Asked if that meeting of envoys would be considered the start of negotiations, a U.S. official said, "Yes."

MONTHS OF TALKS

The talks would take months to unfold, an Israeli and a Palestinian official told Reuters on condition of anonymity. Such a duration, the Israeli official said, was needed "to ensure the process is substantive and comprehensive, and to get us past September".

That referred to the annual U.N. General Assembly, where the Palestinians had planned to seek recognition for their statehood claim in the absence of direct engagement with the Israelis.

The United Nations welcomed Kerry's announcement in a statement that called it a "positive development," but it also urged both sides to "show leadership, courage, and responsibility to sustain this effort towards achieving the two-state vision."

Netanyahu, a right-winger, has long balked at withdrawing to the 1967 lines, and his coalition government includes a nationalist-religious faction opposed to any settlement removal.

But another coalition partner, centrist Finance Minister Yair Lapid, told Israel's top-rated Channel Two television, "There is a solid majority in this Cabinet for going to negotiations."

Abbas' own authority is in question; while his U.S.-backed administration holds sway in the West Bank, Gaza is governed by rival, armed Hamas Islamists who reject permanent coexistence with the Jewish state.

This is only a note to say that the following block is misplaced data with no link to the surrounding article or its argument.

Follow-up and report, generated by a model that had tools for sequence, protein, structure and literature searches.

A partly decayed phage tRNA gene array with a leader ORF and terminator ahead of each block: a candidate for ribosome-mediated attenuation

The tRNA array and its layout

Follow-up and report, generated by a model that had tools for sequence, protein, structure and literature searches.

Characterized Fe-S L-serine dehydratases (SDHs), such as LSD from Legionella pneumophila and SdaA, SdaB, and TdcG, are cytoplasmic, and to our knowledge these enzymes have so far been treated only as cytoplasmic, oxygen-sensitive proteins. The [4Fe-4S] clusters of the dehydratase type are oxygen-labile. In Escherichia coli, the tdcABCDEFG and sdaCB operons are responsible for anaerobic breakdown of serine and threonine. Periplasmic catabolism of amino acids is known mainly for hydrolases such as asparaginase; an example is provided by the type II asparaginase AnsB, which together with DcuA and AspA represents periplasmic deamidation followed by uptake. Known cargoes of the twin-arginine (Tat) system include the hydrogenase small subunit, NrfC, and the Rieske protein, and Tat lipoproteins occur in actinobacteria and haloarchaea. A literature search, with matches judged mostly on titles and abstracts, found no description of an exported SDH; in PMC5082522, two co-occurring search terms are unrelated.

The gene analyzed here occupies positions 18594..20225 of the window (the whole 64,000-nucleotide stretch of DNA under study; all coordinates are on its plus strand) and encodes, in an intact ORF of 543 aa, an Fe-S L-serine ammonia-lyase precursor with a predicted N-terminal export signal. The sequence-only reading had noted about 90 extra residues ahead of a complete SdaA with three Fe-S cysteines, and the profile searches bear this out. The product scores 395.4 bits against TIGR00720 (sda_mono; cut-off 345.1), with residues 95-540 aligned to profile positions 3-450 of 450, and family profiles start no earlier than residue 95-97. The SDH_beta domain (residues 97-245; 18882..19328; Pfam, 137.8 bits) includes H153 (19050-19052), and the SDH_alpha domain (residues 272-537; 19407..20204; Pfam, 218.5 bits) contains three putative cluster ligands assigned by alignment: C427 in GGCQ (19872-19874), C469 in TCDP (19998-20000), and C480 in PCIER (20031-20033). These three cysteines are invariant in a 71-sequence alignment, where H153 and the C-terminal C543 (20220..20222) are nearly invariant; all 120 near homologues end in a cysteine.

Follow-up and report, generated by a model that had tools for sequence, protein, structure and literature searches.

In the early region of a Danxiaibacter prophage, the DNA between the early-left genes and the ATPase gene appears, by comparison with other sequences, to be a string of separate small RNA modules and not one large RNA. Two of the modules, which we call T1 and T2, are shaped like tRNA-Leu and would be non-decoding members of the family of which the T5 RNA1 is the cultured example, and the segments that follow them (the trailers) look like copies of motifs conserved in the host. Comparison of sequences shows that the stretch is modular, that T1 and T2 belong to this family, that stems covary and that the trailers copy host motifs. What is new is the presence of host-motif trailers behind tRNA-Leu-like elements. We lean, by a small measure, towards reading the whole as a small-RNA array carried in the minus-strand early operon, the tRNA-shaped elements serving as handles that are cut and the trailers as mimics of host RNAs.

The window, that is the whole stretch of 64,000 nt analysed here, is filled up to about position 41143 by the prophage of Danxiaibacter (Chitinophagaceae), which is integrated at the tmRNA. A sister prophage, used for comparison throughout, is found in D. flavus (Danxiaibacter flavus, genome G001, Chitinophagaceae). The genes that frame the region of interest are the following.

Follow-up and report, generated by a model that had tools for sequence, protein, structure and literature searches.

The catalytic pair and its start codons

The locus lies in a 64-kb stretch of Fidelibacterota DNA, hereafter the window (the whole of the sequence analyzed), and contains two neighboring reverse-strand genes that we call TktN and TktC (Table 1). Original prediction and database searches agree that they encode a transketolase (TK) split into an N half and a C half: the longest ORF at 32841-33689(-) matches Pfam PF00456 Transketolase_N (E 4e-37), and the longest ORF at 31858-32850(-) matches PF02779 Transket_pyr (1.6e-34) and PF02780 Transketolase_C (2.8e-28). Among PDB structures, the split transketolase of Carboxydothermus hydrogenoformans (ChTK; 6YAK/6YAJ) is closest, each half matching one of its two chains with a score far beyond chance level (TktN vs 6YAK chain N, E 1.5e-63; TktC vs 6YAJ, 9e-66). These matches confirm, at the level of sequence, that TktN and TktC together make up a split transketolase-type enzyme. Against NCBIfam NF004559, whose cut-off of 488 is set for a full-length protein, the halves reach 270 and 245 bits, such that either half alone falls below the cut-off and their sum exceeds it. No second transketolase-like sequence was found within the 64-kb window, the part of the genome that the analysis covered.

"Abbas does not have the legitimacy to negotiate on fateful issues on behalf of the Palestinian people," Hamas spokesman Sami Abu Zuhri said.

Kerry's announcement, on the Jewish Sabbath evening and as Muslims ended their daily Ramadan fast, may have been meant in part to deflect domestic scrutiny from Netanyahu and Abbas.

Their "courageous leadership" was commended by Kerry.

"Both of them have chosen to make difficult choices here, and both of them were instrumental in pushing in this direction. We wouldn't be standing here tonight if they hadn't made the choices," he said.

Kerry's drive to relaunch Israeli-Palestinian peace talks was endorsed earlier this week by the Arab League, which potentially holds out the prospect of a broader regional peace with Israel upon the establishment of a Palestinian state.

The Arab League's own peace proposals, launched over a decade ago, foundered on the issue of a return to 1967 borders, but it confirmed on Wednesday it had shifted its position to countenance "limited exchange of territory of the same value and size".

(Reporting by Arshad Mohammed in Amman, Ali Sawafta in Ramallah, Nidal al-Mughrabi in Gaza, and Lesley Wroughton in Washington; Writing by Maayan Lubell; Editing by Will Waterman and Peter Cooney)